Books and Films

Books and films. Films and books. Adaptations, scripts, themes and visuals. When it comes to losing ourselves in other worlds, these are two of the main ways to go about it.

Books and FIlms

But which do you prefer?

As an ex-film-and-writing student, it is fair to say I am open-minded when it comes to the two. I have realised over the last year, I like waaaaaay more genres than I adamantly clung to before and that I am, in all honesty, prepared to give anything ago. Nothing gives me a greater thrill than curling up with a good book yet I also thoroughly enjoy chilling out and watching a film. I guess I like them both equally!

One thing that has always frustrated me, though, is adaptations. When you have a best-seller – a fantastic book that sweeps a reader off their feet – how can the plot/characterisation/general story arc be lost so spectacularly in a film? The script is already written and the scenery often described in a vivid enough way to fuel the artists’ minds (someone must have liked the book to want to make it into a film).

In my final year at university, I did an adaptation module. Adaptations are more involved than I first believed, for the theme of the piece you are playing with is crucial. It doesn’t matter if you change everything about the plot, characters or even general story arc as long as the same theme can be identified in both. It made my mind spin, that’s for sure.

Books and FIlms 2

Even with that knowledge, it hasn’t changed my opinion on a badly-adapted film, especially when the book means a lot to me. Anyone reading this blog, for instance, must have picked up by now Eragon by Christopher Paolini is my favourite book. Never, under any circumstances, get me started on the film, for I will rant until kingdom come and beyond about how much it irritates me.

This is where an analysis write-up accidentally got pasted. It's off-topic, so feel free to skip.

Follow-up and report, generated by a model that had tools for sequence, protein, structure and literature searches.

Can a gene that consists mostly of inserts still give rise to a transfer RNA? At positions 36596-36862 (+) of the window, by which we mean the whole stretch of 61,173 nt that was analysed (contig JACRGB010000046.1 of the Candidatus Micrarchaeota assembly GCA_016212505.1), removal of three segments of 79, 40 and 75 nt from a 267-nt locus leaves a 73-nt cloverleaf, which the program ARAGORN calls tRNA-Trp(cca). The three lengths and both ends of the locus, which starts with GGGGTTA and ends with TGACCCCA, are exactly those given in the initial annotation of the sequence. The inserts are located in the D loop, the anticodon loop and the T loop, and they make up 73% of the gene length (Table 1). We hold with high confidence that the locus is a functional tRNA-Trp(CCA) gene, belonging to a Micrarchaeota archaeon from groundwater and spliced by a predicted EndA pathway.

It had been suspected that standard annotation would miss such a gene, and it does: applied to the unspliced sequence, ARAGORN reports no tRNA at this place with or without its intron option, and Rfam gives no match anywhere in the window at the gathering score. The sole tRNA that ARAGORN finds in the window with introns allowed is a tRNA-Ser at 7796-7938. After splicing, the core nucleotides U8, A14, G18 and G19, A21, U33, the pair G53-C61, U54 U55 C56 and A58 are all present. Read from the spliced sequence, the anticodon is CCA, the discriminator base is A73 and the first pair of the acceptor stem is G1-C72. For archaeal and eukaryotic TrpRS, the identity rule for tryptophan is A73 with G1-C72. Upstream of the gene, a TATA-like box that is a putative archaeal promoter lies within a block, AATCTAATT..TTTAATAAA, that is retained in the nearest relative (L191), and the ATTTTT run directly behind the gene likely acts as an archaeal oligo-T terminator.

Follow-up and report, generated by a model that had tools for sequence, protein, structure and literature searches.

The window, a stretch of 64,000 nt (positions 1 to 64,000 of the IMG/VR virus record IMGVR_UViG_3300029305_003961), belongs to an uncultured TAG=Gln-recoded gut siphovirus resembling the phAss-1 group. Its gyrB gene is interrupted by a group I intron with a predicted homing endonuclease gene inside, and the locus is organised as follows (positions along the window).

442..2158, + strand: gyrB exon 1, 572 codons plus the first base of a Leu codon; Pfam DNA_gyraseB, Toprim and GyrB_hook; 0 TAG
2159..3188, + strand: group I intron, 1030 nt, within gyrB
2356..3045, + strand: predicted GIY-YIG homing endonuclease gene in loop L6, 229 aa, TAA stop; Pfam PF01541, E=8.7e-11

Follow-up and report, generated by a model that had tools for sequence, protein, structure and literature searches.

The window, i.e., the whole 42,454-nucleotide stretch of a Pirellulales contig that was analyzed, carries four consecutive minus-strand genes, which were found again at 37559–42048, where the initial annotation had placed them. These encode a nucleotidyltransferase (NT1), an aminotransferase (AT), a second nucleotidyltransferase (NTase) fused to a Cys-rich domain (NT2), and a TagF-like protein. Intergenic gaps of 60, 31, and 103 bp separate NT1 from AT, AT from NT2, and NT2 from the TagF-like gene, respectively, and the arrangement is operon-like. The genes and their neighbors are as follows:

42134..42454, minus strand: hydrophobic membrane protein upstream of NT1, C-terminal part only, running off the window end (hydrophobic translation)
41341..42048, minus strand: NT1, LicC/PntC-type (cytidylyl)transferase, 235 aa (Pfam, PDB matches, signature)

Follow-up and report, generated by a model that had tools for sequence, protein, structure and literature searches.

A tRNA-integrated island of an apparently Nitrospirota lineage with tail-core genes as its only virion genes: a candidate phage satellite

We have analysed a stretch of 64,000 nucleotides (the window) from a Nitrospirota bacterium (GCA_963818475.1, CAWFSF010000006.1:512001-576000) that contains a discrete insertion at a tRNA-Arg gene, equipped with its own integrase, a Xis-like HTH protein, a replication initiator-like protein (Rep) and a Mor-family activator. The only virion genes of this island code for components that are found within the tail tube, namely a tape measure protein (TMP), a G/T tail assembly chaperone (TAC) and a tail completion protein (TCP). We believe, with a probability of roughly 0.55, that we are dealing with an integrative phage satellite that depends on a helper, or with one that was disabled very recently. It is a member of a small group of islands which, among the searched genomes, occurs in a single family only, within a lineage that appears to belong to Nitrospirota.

Recently, I realised I prefer to see the film first (if I’m coming at something with a blank slate, that is). The chances are, I’m going to prefer the book. But if I have already seen the film, there might be parts of it that I enjoy, things I like without prior knowledge to compare it to. The book will still sweep me off my feet. If I like the book first, the film often only disappoints me.

Which do you prefer? Any reasons for this? As a writer myself, I believe in the power of words. Since being a young child, I’ve been swept away by a written story. There is no denying the strength of films though, and the emotional impact they too can have. I wouldn’t say one medium is stronger than the other, each should be judged as an individual case. So saying, I am prone to judging an adaptation harshly if I have already fallen in love with the book.

The only thing that counts is that we enjoy whatever we see/read, right?


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